Swine flu in 2009, bird flu in the 1990s, and SARS in 2003 were concentrated in Asian countries, giving South Korea, Malaysia, Hong Kong and Taiwan more recent experience with dangerous viruses.

As a result the lockdowns happened quickly, as did mass testing and high tech contact tracing procedures.

Professor Blakley says their exposure to SARS in some ways prepared them for this recent pandemic.

"They've got the systems in place. They know what they're doing. They acted fast," he said.

"They knew what the threats were, and definitely previous dealings with having to manage SARS have made those countries far better positioned to respond to COVID."

Professor Jodie McVernon, the Doherty Institute's epidemiology director, also says countries like Hong Kong, Singapore and South Korea invested in strong public health systems and extensive laboratory capacity, "which were actually the critical elements of initial response".

"Early border closures to reduce the risk of imported infections were also influential and were a key difference between Australia's response and the US [and] Europe," she told the ABC.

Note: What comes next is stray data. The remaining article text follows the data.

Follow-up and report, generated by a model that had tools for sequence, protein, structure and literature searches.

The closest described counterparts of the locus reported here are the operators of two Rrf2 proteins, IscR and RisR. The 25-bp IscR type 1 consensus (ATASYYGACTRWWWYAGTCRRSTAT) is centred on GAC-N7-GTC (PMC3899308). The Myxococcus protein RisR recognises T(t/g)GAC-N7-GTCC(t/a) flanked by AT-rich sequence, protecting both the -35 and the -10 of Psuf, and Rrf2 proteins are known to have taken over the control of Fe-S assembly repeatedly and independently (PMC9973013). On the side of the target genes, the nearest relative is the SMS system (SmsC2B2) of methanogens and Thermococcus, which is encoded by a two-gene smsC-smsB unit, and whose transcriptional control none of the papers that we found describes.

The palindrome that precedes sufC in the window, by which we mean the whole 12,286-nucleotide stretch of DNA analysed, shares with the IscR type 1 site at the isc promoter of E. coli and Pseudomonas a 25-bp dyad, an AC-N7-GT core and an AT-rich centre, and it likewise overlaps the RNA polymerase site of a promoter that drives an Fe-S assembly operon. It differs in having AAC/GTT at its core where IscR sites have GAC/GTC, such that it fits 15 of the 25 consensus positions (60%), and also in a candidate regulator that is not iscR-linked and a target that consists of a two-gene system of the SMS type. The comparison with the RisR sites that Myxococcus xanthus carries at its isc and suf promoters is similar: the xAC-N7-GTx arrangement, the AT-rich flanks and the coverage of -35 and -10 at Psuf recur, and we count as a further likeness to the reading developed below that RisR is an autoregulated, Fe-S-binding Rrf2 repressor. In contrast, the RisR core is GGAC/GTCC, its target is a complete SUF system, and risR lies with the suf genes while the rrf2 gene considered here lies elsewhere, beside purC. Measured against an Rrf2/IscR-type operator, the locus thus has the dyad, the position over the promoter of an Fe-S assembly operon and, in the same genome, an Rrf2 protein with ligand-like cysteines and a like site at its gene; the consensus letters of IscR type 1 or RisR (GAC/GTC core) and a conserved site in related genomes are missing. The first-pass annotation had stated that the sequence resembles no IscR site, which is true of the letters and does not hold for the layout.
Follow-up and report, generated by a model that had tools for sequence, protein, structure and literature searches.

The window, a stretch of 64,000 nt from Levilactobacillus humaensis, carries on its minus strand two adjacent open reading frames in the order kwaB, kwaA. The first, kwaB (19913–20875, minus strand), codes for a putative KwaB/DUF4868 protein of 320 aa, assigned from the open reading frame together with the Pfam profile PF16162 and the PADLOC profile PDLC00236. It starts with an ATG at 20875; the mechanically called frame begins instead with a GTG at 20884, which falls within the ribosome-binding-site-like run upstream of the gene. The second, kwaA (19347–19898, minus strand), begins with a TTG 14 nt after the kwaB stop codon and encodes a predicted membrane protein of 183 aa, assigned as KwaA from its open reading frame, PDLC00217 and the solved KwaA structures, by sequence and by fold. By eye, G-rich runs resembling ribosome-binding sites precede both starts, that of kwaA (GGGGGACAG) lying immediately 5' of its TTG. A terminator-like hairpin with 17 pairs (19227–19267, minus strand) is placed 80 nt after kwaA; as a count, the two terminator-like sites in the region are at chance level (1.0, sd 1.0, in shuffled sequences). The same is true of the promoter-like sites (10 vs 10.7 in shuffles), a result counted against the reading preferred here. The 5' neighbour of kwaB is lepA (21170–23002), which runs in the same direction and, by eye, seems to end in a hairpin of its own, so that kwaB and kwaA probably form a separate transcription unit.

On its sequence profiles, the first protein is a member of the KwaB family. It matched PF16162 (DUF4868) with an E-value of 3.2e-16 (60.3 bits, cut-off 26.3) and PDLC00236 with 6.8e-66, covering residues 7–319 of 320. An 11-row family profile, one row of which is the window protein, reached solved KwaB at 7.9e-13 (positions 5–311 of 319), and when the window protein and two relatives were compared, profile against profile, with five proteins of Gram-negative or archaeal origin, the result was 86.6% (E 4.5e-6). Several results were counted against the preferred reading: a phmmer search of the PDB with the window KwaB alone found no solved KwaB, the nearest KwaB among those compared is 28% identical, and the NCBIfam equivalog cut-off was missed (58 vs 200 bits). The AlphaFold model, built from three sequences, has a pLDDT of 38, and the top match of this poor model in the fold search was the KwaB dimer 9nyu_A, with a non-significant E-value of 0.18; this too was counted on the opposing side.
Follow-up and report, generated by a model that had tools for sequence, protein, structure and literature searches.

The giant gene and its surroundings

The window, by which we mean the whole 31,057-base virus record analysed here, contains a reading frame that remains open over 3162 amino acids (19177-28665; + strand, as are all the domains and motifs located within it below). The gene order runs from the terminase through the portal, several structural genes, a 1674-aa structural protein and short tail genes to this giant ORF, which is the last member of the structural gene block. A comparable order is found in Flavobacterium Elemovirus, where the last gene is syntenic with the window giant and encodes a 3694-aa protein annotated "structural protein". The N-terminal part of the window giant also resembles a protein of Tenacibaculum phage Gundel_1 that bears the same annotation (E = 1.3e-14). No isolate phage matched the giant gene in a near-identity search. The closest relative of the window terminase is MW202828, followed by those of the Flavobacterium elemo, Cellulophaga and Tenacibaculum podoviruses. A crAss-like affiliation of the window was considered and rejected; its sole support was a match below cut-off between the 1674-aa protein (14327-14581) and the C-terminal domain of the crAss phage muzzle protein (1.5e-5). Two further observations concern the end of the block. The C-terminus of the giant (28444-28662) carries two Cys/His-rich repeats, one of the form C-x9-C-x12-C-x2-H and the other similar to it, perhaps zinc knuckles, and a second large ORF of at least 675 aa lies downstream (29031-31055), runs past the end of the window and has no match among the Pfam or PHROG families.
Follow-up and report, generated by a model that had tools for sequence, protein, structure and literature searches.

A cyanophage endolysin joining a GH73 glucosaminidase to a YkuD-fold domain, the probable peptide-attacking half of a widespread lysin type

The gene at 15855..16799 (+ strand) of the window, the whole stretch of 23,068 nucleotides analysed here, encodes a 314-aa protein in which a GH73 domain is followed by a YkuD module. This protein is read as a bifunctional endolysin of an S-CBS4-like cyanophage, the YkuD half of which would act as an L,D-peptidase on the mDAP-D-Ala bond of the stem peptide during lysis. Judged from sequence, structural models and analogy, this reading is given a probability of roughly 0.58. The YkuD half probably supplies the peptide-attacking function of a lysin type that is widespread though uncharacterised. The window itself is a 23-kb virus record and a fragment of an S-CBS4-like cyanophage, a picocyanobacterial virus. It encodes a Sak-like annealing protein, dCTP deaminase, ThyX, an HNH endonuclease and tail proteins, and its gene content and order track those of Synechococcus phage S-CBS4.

So did the West get complacent?

If you look at the Global Health Security Index list, preparation — in terms of good health care, resources and stockpiles — didn't necessarily translate to containing the coronavirus.

Professor McLaws says while a lack of recent experience in some developed countries may have played a role, tackling the spread of coronavirus also came down to leadership and governance.

"One of the reasons Taiwan has done so well is because they organised their ventilators very early on, and closed their borders to China as soon as they heard about what was going on," she said.

"They knew it was catastrophic and they started to order thousands of ventilators."

She also says the WHO proclaimed a public health emergency of international concern on January 30, so "none of those 194 countries could possibly suggest that they did not know".

"Everyone had a heads up," she said.